Horse-Riding: Posting the Trot on the Correct Diagonal

The correct way to post the trot is by posting on the outside diagonal. The rider’s seat rises when the horse’s outside hind leg is anchored on the ground and his inside hind leg and outside foreleg are lifting and moving forward. The rider is reached by the saddle and thus becomes seated when the horse’s inside hind leg impacts on the ground and his outside hind leg is suspended.

If the rider sits correctly while posting on the outside diagonal, he will feel the inside seat bone touch the saddle more firmly than the outside one. The reason is that the rider touches the surface of the saddle when the horse’s inside hind leg touches the ground. At that time, the bulk of the rider and the bulk of the horse meet with each other for a moment. The rider’s bulk is lowered, the horse’s bulk is stabilized on the inside. The resultant feeling is a stronger pressure under the inside seat bone.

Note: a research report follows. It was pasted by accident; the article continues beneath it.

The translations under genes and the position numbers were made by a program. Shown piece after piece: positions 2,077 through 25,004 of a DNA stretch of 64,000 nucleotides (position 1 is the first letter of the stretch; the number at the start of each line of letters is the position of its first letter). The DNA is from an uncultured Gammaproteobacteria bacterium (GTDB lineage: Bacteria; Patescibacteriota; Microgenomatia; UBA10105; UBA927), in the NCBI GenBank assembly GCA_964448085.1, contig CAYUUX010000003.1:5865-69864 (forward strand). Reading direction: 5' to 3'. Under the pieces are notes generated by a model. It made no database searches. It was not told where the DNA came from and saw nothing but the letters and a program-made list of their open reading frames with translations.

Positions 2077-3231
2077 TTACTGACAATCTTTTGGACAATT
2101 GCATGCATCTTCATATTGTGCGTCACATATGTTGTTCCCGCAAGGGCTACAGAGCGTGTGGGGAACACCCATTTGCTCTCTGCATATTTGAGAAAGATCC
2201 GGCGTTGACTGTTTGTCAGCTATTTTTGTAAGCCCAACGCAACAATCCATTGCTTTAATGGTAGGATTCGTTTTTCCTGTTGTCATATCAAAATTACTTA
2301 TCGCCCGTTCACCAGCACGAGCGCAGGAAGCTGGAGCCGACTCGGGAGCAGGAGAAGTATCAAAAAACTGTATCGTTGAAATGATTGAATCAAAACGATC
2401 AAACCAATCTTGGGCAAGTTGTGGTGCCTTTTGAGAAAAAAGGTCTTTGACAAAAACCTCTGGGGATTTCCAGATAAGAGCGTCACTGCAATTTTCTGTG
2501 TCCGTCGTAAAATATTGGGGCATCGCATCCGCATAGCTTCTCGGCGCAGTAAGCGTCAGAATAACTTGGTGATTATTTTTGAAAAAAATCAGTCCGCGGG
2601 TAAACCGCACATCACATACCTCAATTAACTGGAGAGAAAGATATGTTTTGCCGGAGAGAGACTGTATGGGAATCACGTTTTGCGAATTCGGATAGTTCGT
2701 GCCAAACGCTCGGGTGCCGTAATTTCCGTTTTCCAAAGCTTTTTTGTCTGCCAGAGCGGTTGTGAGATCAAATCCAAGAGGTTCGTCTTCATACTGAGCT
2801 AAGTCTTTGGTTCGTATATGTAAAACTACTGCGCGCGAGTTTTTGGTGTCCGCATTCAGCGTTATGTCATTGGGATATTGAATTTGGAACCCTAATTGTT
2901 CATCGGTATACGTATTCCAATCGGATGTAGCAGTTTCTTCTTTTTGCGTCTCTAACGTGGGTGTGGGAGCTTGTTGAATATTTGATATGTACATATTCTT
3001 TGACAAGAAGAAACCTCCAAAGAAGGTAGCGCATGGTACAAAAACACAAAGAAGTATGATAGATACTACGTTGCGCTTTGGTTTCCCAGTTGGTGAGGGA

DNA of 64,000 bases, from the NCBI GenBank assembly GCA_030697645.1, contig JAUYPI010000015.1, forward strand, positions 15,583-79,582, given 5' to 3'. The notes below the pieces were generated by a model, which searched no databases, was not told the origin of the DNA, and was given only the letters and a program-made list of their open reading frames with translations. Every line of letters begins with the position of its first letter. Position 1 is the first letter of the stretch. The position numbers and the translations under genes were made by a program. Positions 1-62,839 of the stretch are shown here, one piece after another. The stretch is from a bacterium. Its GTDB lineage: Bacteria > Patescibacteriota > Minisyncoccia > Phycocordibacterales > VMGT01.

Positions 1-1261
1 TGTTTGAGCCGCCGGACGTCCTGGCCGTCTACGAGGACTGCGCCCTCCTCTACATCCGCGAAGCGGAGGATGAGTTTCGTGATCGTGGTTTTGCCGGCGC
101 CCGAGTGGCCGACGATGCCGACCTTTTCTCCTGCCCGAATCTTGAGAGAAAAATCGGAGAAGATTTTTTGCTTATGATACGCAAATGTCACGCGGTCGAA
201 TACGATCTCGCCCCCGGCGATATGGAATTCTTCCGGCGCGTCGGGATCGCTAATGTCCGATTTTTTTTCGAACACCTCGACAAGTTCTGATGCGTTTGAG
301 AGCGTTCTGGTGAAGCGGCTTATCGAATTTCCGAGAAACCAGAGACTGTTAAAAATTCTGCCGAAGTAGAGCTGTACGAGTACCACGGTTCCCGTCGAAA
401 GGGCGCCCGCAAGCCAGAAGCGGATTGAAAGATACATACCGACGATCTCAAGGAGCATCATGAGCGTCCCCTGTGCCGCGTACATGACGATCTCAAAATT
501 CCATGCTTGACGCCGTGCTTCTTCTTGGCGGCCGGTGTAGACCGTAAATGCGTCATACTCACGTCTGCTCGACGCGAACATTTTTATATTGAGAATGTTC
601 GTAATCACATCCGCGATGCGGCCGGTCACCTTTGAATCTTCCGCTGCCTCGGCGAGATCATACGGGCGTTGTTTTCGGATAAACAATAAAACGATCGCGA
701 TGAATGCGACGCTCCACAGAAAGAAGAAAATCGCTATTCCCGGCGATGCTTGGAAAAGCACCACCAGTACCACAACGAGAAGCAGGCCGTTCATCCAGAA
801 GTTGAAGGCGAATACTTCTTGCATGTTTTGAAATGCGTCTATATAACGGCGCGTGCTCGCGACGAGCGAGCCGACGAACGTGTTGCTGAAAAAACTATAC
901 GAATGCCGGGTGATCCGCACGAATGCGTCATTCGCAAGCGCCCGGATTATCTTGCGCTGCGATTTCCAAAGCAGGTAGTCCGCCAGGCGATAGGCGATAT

This feeling may be further exaggerated when trotting on an arc, whether it is through a simple corner or on a full circle. When a rider bends a horse laterally onto an arc, he not only uses his legs to do so, but also his torso. While bending a horse laterally, the rider’s shoulders and hips parallel the position of the horse’s shoulders and hips respectively. As the inside shoulder of the horse travels slightly behind the further-advanced outside shoulder, so must the rider’s shoulders parallel that position with his inside shoulder slightly back. While the rider pivots his shoulders around the vertical axis of his spine, he should draw an imaginary horizontal line through his own shoulders that points exactly to the center of the circle. The rider’s weight should be more on the inside seat bone when riding on a circle because his outside leg is kept back and his inside shoulder is back. The imaginary line through the rider’s shoulders should point to the center of the circle like the spoke of a wheel points to the hub.

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